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12 Ways to Gauge if Your Workplace Culture Is Healthy

healthy workplace culture

12 Ways to Gauge if Your Workplace Culture Is Healthy

From monitoring attrition rates to assessing your culture, here are 12 answers to the question, “What are the best ways to gauge if your workplace culture is healthy?”

  • Measure Your Attrition
  • Conduct Anonymous Employee Surveys
  • Analyze Social Attendance
  • Ask, “Are Disagreements Productive?”
  • Check if Appreciation Flows Naturally
  • Track How Frequent Referrals Are
  • Bring in Independent Culture Auditors
  • Can Your Team Access a Flow State?
  • Look for Employee Cooperation
  • Ask, “Are Your Employees Exceeding Expectations?”
  • Assess Team Dynamics
  • Provide an In-Depth Talent and Culture Assessment

Measure Your Attrition

In this employee climate, employees have many choices for employment. With that being the case, a simple way to gauge your work culture health is to simply look at your attrition. This can give you a snapshot of where your work culture is at. 

High attrition can mean a lot of things but should be a big red flag that your workplace culture is suffering. The excuse that your company has high turnover naturally is a way of simply disregarding that you have a work culture problem. 

The fact is, employees don’t leave a workplace that they enjoy as much as workplaces they don’t. So, knowing that if you see your company attrition being high and continuing to rise, you know there is an issue.

Mark Smith, Program Chair, University of Advancing Technology

Conduct Anonymous Employee Surveys

One way to gauge the health of a workplace culture is to conduct an employee survey. Surveys can be a useful tool for gauging the health of a company’s culture, as they allow employees to share their honest opinions and feedback.

Surveys can help to identify areas where the company culture may be falling short, such as lack of communication, lack of support, or lack of opportunities for growth and development. It is important to choose a survey method that allows employees to provide honest and open feedback and to ensure that the survey is conducted in a confidential manner. 

Anonymous surveys are the best way to ensure confidentiality and honesty in the employees’ feedback. The results of the survey can then be used to identify what needs to change and take steps to improve the workplace culture.

Brandon Brown, CEO, GRIN

Analyze Social Attendance

One of the methods I personally use to assess the ongoing health of our company culture is attendance at team lunches, social events, and wellness campaigns. In essence, I track who and how many people show up to every optional event outside of work, or at least required duties.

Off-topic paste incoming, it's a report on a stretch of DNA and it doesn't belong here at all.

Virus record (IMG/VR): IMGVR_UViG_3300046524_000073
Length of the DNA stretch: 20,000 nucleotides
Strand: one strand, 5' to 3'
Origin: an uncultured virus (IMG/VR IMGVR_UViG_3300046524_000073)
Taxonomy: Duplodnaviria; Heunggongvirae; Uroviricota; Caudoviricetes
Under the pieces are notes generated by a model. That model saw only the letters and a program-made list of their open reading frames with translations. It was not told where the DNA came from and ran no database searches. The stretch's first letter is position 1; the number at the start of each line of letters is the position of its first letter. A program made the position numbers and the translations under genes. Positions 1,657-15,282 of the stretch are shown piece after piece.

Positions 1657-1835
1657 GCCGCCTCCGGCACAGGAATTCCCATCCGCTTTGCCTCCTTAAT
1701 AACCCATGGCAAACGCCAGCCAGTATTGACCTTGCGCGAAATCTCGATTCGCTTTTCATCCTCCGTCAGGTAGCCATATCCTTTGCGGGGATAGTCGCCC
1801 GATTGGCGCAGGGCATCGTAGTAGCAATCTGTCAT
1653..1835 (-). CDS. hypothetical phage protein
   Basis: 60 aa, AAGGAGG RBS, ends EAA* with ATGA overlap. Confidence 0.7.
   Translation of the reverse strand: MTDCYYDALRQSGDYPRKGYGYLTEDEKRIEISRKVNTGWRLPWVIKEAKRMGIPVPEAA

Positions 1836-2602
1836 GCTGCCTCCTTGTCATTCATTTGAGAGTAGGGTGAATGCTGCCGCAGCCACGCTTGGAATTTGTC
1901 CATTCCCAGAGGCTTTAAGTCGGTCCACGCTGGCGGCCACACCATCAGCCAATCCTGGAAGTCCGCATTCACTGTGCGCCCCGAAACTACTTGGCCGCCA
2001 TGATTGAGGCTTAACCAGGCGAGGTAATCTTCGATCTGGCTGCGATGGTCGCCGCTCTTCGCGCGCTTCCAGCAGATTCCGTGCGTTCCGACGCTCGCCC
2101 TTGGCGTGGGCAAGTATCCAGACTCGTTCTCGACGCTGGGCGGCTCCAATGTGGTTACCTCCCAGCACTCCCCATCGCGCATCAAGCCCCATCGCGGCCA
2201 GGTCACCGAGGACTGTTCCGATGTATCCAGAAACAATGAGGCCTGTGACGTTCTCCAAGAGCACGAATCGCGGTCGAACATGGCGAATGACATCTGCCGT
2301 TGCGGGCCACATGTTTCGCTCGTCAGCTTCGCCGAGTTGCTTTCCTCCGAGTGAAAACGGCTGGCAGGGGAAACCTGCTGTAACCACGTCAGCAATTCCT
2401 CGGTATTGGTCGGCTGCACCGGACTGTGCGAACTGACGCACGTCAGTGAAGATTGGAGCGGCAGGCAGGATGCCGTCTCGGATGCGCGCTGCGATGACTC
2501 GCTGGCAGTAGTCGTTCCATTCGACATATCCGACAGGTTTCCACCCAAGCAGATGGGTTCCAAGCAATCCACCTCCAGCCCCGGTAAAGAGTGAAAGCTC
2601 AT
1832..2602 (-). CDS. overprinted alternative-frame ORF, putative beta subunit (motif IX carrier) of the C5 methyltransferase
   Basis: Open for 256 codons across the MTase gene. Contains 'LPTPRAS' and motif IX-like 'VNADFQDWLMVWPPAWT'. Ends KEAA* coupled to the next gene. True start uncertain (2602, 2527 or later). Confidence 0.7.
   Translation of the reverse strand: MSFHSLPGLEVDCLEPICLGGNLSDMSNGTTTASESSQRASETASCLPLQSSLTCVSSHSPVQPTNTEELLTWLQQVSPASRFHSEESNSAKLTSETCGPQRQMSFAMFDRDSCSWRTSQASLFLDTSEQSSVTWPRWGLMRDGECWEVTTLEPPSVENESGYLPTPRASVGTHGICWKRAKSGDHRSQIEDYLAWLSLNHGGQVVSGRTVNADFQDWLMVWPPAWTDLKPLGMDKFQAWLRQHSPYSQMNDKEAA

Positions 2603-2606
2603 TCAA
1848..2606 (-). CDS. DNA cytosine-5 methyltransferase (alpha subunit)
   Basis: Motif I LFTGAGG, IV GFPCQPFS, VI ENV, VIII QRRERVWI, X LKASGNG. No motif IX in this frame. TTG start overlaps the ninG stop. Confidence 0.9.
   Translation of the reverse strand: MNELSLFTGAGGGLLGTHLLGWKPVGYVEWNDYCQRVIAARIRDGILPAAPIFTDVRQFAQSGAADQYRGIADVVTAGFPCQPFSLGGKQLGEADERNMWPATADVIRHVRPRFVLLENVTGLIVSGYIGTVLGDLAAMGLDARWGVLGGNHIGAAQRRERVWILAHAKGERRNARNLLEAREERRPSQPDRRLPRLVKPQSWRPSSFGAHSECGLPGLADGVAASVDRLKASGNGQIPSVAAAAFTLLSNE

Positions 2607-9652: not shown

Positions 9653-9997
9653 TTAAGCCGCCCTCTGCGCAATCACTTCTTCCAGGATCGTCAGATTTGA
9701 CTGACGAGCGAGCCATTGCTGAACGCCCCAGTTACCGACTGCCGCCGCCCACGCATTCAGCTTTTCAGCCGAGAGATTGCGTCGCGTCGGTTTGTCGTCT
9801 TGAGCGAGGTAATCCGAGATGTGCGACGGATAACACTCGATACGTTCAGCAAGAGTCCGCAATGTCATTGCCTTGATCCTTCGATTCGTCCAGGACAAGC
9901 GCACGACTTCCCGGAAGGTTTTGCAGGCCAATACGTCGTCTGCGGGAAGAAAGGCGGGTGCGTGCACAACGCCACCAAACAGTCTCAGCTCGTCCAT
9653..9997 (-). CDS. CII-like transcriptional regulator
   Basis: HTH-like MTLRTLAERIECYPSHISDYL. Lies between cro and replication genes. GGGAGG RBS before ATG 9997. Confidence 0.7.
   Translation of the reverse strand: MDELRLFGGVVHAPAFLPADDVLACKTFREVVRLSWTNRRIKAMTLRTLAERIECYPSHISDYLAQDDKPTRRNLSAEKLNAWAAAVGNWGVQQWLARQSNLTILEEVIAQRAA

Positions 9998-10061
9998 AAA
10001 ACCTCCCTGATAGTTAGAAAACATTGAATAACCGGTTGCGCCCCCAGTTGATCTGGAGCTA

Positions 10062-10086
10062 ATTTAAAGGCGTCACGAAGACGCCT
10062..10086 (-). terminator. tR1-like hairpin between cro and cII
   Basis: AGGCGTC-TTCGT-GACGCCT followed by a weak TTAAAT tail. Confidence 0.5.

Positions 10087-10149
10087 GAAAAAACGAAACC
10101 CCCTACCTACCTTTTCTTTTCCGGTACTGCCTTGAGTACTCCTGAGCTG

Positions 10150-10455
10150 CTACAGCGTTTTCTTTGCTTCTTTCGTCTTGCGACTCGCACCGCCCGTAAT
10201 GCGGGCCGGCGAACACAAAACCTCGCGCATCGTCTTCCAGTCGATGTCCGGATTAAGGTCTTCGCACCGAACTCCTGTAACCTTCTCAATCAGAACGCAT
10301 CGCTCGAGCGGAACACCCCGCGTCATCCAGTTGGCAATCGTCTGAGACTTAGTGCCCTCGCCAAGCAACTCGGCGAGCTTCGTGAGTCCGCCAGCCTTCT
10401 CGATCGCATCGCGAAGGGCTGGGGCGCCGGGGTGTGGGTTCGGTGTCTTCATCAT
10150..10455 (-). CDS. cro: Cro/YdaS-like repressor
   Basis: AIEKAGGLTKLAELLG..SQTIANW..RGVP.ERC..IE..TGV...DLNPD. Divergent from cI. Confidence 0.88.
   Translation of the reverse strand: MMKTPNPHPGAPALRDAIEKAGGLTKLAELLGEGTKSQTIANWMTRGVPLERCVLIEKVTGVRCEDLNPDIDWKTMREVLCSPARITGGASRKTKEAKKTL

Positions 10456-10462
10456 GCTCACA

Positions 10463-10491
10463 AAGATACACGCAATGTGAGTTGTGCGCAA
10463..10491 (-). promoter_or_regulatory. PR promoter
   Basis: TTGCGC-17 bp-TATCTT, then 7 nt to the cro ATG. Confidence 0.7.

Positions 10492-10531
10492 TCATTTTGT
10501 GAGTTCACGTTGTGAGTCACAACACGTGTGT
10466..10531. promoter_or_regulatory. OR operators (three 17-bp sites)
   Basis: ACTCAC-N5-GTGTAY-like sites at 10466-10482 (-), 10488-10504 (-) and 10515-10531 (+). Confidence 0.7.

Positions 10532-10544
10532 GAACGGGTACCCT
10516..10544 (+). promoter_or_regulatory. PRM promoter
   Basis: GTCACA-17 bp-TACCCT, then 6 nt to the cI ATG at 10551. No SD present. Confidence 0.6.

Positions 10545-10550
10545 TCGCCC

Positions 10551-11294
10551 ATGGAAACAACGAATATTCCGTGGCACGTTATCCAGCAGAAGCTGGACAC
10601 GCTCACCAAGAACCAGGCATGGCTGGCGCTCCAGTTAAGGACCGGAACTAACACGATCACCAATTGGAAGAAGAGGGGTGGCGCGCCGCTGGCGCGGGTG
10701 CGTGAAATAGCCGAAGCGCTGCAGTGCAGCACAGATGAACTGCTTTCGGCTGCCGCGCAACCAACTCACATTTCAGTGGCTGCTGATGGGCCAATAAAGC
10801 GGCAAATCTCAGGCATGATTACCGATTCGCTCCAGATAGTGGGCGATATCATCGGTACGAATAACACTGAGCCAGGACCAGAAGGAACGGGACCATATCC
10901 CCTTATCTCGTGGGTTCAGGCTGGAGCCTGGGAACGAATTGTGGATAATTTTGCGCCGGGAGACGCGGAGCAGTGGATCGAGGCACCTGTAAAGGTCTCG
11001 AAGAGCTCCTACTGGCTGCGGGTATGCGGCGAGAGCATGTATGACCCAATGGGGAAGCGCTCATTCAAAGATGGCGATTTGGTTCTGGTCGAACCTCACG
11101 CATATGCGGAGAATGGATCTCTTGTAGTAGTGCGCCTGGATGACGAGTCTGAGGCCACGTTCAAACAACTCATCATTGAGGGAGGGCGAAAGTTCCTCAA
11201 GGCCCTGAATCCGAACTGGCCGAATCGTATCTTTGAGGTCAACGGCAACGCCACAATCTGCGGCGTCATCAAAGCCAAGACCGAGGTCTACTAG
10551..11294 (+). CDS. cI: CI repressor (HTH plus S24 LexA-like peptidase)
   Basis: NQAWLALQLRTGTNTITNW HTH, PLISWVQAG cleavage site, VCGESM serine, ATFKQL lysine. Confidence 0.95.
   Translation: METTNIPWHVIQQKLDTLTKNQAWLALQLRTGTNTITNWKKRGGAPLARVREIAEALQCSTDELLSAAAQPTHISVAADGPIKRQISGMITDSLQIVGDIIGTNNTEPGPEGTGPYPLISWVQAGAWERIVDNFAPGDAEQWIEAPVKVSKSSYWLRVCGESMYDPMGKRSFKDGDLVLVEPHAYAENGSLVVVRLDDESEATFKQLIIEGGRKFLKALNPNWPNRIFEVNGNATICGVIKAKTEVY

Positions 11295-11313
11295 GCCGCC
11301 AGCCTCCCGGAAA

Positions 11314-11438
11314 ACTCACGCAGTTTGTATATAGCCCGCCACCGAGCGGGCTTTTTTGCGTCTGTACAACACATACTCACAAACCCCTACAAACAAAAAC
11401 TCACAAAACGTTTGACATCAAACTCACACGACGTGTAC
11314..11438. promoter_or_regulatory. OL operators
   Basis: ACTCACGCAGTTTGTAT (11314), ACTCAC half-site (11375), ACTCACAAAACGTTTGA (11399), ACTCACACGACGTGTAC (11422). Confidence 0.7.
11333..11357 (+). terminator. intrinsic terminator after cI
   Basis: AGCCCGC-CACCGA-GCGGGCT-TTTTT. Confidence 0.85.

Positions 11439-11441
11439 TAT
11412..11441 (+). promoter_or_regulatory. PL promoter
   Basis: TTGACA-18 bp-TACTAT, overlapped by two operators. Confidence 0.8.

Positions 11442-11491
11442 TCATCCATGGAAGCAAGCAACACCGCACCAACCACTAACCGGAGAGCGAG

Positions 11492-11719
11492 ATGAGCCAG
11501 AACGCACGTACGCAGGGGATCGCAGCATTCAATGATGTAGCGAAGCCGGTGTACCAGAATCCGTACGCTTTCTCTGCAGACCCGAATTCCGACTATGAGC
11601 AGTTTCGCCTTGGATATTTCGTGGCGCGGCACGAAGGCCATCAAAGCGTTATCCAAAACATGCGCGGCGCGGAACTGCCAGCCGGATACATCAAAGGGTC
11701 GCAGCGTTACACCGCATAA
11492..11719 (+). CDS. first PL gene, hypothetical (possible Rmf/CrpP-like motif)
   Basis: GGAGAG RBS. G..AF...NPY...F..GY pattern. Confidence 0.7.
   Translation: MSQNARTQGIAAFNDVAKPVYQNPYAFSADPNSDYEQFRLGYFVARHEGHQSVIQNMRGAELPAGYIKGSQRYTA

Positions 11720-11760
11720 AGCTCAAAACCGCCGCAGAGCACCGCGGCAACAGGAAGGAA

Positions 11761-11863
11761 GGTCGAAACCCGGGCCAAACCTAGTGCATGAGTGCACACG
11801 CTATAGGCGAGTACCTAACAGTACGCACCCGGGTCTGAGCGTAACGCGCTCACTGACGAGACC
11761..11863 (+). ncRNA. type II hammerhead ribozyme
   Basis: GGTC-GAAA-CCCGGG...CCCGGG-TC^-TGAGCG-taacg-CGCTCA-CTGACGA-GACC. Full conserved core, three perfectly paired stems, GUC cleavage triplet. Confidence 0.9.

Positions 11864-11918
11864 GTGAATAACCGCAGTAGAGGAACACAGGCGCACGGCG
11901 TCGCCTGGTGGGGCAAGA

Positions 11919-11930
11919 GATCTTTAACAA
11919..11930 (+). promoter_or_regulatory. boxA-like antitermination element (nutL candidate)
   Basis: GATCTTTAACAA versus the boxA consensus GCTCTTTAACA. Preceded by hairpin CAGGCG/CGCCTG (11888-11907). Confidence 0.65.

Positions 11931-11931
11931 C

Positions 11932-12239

We frequently hold happy hours, team-bonding days, holiday parties, and more. It’s a big thing for me, as I believe it helps to boost morale, team bonding, and engagement, but I also leverage these events to measure how we are doing at a company level with respect to culture. If attendance slips at these events, I take it as a sign of declining health. 

Why would someone not come to an optional event over an extended period? Perhaps because there is friction with their manager or coworkers, or perhaps because they are disengaged. Either way, I believe attendance at social events is instructive of how our company culture is faring.

John Ross, CEO, Test Prep Insight

Ask, “Are Disagreements Productive?”

In healthy organizational cultures, there are often a lot of disagreements. Disagreements about product changes, processes, how to go to market, what the strategy should be, and even what activity to do at an all-hands. 

But while the disagreements may be heated, they are always about the substance of the issue and never about individuals’ characters or traits. They foster open discussion and ultimately lead to better ideas, unique insights, and more refined plans. 

In less healthy organizational cultures, either disagreements become personal, nasty, and mean, or they simply never happen. Those two extremes represent different kinds of cultural problems, but if either one is a regular occurrence, you should take a step back to assess and work on the culture.

Amie Devero, President, Beyond Better Strategy and Coaching

Check if Appreciation Flows Naturally

Recognition is not forced in a healthy workplace.

I’ve often seen recruiters, leaders, and HRs pushing hard on employees and senior executives to practice recognition and sing praises for employees while also encouraging peer-to-peer recognition. Practicing recognition is great, but in a healthy workplace, recognition flows naturally and becomes a part of the workplace.

A healthy workplace culture means that any member of the organization can’t resist praising their colleague for their awesome work. Without bosses reminding employees to praise others, that factor is a massive indication that the workplace culture is healthy, with employees’ behavior being more appreciative and kind to others.